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The Importance of Following Aluminum Repair Procedures

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“In a very short period of time, shops will find themselves on the outside looking in.”

This is the warning that Frank Ponte, Car-O-Liner National Sales Manager, has for shops that are not following OEM aluminum repair procedures. It may sound harsh, but the reality is that the industry is changing, and shop owners must adapt or they’ll be forced to play catch-up or be left out in the cold.

Ponte and Car-O-Liner Training Academy Manager Mike Hoeneise have been to their fair share of shops and from what they’ve seen, many shops are not following the OEM repair procedures—especially when it comes to aluminum repair.

“The OEM knows more about the vehicle than we do,” Hoeneise says. “When they tell us to do something, there’s engineering and testing results behind it.”

Neither Ponte nor Hoeneise think that shops are intentionally ignoring aluminum repair procedures.

“I think most people want to do a good job, but you don’t know what you don’t know,” Ponte says.

With so many demands, it’s hard to keep up but for the safety of customers and shop success, shop owners need to find a way to make sure they have the current OEM information, training and equipment to complete proper aluminum repairs.

 

Introduction of Aluminum

Until recently, aluminum was only sporadically used on domestic vehicles and was used primarily in high-end luxury/performance vehicles. With the introduction of the Ford F-150, body shops have had to learn the ins and outs of aluminum repair on high volume products.

“What was once a high-level repair process is now being dealt with by the masses,” Ponte says. “All the more reason to be trained and have OEM information and recommended equipment.”

 

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Lack of Awareness

Hoeneise, who is frequently in the field, says that there’s a large percentage of shops that are not doing repairs correctly and it needs to be brought to their attention.

With the rate of technological advancement, the future of shops depends on their owners’ investment in the future, and a big part of that is following OEM procedures, Ponte says.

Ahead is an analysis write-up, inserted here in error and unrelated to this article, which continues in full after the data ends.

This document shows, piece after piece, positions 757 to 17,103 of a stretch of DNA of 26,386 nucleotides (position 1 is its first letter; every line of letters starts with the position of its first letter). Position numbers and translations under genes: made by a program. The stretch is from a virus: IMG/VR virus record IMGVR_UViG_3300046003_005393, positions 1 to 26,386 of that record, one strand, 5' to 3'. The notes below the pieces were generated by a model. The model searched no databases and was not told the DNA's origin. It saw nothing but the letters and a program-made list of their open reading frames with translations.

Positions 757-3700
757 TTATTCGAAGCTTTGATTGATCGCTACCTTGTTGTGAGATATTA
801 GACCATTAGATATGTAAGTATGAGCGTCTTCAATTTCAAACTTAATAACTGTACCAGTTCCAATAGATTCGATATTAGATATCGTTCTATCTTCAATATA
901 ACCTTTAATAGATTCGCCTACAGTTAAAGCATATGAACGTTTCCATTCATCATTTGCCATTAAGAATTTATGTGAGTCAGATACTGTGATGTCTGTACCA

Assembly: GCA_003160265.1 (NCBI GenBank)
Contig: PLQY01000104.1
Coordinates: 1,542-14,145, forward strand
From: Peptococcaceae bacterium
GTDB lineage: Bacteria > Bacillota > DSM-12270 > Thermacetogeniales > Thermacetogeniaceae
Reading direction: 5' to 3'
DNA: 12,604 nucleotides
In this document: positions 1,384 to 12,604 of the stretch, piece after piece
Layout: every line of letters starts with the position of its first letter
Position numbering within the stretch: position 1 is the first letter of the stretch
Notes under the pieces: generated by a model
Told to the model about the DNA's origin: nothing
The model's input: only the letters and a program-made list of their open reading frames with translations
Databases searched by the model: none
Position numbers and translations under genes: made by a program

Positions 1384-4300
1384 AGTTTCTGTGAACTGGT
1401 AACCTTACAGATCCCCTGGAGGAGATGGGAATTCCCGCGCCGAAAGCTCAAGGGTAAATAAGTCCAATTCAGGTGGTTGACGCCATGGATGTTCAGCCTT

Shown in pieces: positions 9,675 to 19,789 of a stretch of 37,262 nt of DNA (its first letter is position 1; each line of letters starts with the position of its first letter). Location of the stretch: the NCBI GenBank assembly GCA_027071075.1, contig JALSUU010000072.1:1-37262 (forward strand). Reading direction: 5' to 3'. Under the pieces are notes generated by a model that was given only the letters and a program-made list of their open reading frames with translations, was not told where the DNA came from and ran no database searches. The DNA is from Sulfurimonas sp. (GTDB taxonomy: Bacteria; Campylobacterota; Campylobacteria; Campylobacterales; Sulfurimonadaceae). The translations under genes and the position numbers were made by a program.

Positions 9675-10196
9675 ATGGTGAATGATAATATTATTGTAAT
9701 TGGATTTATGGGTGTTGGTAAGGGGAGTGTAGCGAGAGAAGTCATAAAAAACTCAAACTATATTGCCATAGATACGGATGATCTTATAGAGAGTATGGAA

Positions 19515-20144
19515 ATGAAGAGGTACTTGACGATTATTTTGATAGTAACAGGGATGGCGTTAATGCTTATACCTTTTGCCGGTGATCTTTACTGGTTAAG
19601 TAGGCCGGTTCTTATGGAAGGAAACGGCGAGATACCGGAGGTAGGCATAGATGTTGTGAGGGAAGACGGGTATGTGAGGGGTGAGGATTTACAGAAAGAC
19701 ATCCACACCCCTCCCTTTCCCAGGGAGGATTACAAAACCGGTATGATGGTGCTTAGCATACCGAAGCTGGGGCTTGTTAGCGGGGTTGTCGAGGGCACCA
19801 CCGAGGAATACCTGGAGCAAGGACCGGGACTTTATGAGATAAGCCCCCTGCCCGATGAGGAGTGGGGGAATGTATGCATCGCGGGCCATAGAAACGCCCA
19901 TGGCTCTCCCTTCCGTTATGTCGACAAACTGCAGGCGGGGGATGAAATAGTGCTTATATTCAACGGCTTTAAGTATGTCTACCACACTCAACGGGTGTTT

Why don’t shops invest the time and effort in this? According to Hoeneise, there are a few reasons for it. The first is simple: Lack of awareness.

“They haven’t realized that the world has changed; they don’t know where to look,” Hoeneise says.

Another reason is denial. In Hoeneise’s experience, many shop owners come up with excuses that others around them aren’t “actually doing it” or that they have to make insurers happy. The last one he hears is that there is “no money in collision repair.” Shop owners say that because they’re not making money, they can’t make the investment. Hoeneise says that this is a victim mentality. True, it will cost both time and money, but the alternative is going out of business.

 

Putting the Pieces Together

“We’re in the equipment business but equipment is only one ingredient,” Ponte says.

In order to perform successful aluminum repairs, shop owners need to invest in the right training and find people who are motivated. They need to have access to OEM repair information in real time and the industry overall needs to accept these procedures as the new standard.

“The equipment completes the recipe,” Ponte says.

 

Moving Forward

Hoeneise, who used to work at a body shop, says if he could go back in time and give his younger self professional advice, it would be to start working with the OEMs immediately.

Ponte, who says a lack of awareness is one of the biggest culprits for shops not following OEM procedures, says to start small.

“Take an hour each week to look something up. Start interacting with people. Join social media groups. Become connected. If you’re reading this article, it’s a step in the right direction,” Hoeneise says.

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